• 7

            says

            Did you ever make a video for doing this in the round? I’m thinking that when making ‘beanie hats’ this would be a great stitch to use. I’m going to try the method of going to the right, then back to the left horizontal bar and see what happens :)

    • 11

      Tamara Kelly says

      I would increase and decrease the same way you would with regular dc sts! To increase, just work another LDC into the same st, linking to the previous one. To decrease, work the first LDC until there are 2 loops left on the hook, then make the next one linking to the first one “in progress.” Is that clear?

  2. 13

    Romy Williams says

    This addition to the standard double crochet stitch is totally awesome! I’m using it on a scarf for my son and it looks amazing. Thanks for sharing this with all of us!

  3. 14

    Frances says

    I imagine if you wanted to make it look the same on each side, as you mentioned turning and the patterns looking different in rows, you could simply think of it as similar to bpdc and take the back horizontal bars instead of the front ones. Tricky, and I’d have to test it myself, but probably doable.

  4. 16

    Sarah says

    For a Tunisian take on this, check out the designer Aoibhe Ni on Ravelry – she also has some great videos on YouTube. I’d have to work the stitches side by side to figure out if there’s a difference particularly between her linked uple stitches and regular linked crochet stitches, but she also works them in some really long linked stitches, multiples of 4-6 or sometimes more, and works the rows vertically across the width of the piece. Generally speaking I think she works the return row as double crochet, so the fabric is always the same on the “right” side and has a decided stripe to it.

    I’m not sure whether or not this’ll work but I happened to have had a picture of a swatch with me practising this that I uploaded to show someone else. This swatch has some increases and some rows of half treble (American half double) but it’s largely done in the linked stitches in the way I learned from her:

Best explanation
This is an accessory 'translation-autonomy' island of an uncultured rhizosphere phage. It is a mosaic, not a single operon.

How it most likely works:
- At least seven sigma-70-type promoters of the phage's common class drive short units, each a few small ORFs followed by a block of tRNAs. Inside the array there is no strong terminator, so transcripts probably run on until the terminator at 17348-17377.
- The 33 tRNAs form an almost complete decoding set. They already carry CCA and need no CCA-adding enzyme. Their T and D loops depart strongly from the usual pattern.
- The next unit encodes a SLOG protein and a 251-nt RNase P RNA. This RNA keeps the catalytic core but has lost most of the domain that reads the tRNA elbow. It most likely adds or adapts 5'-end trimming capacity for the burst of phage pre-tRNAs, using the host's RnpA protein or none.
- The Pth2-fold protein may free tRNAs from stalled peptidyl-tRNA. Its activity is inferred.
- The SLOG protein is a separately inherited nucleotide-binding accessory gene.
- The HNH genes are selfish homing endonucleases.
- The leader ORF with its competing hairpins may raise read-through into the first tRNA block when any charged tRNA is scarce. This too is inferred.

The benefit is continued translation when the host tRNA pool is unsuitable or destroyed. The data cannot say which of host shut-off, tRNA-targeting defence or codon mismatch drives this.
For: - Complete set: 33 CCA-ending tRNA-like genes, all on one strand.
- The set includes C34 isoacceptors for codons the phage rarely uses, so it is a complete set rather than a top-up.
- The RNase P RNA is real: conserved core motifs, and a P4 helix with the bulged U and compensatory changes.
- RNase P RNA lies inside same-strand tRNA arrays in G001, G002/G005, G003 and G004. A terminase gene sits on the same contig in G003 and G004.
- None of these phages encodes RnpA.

Not shown in this swatch are her methods for working Tunisian lace in this method, because I’m still getting my brain round that. Well worth checking out, though!

    I ended up back on Moogly again (I always end up here!) because I was trying to figure out the difference(s), if there are any, between these two styles. Either way, I really love the fabric it produces. I worked that swatch in a mercerised cotton and it has the most gorgeous feel and drape to it.

  5. 18

    Wendy J says

    Thank you for all your posts! This is great! I had started looking around to see if you had standing HDC, like the standing DC, but this looked good, so I meandered over here. I’m so tempted to frog the baby hat I just finished! I’ve alternated my rows between HDC & DC, because of the holes; this stitch is so nice! I won’t have to do that any more. I love your site, and your many hints. (Off to find the standing HDC.)

  6. 20

    Irene says

    It looked like you crocheted in the ridge of the chain. Is it easier to do it that way or to crochet in the chain?

    • 21

      Tamara Kelly says

      I think it’s easier, and I like the finished bottom edge it creates – but everyone has their own preference!

  7. 22

    says

    Thank you so much for this tutorial- I finally understand this stitch and can make a pattern I bought with it in but didn’t explain it. Huzzah!

  8. 26

    Kim says

    Tamara, I have tried & tried to decrease in ldc, but I’m not getting much of a bend in the valley. I’m trying to make a wave/ripple baby blanket using this stitch ’cause I like “no holes” in baby blankets. Is there any further explanation you can give or a video. I would really appreciate any help. Thank you.

    • 27

      Tamara Kelly says

      Hm, I can’t say I’ve ever tried to decrease with this stitch before! I know you said you like no holes, but maybe skipping a stitch in the middle of the linked decrease would give the look you’re going for? Or a decrease over 3 sts, instead of 2? It’s something you’d have to play with a bit for sure.

  9. 30

    Beth says

    This is awesome! YOU are awesome beyond belief! Thank you thank you for your tutorial! (I just pdf’d it!)

    I came across a pattern with (ldc) abbreviated, but no full explanation of the stitch itself, just some cryptic nonsense about “insert hook, pull up loop, then into stitch, pull up loop, then yo and pull loop through 2 loops and then 2 more”… I was doing a modified cluster!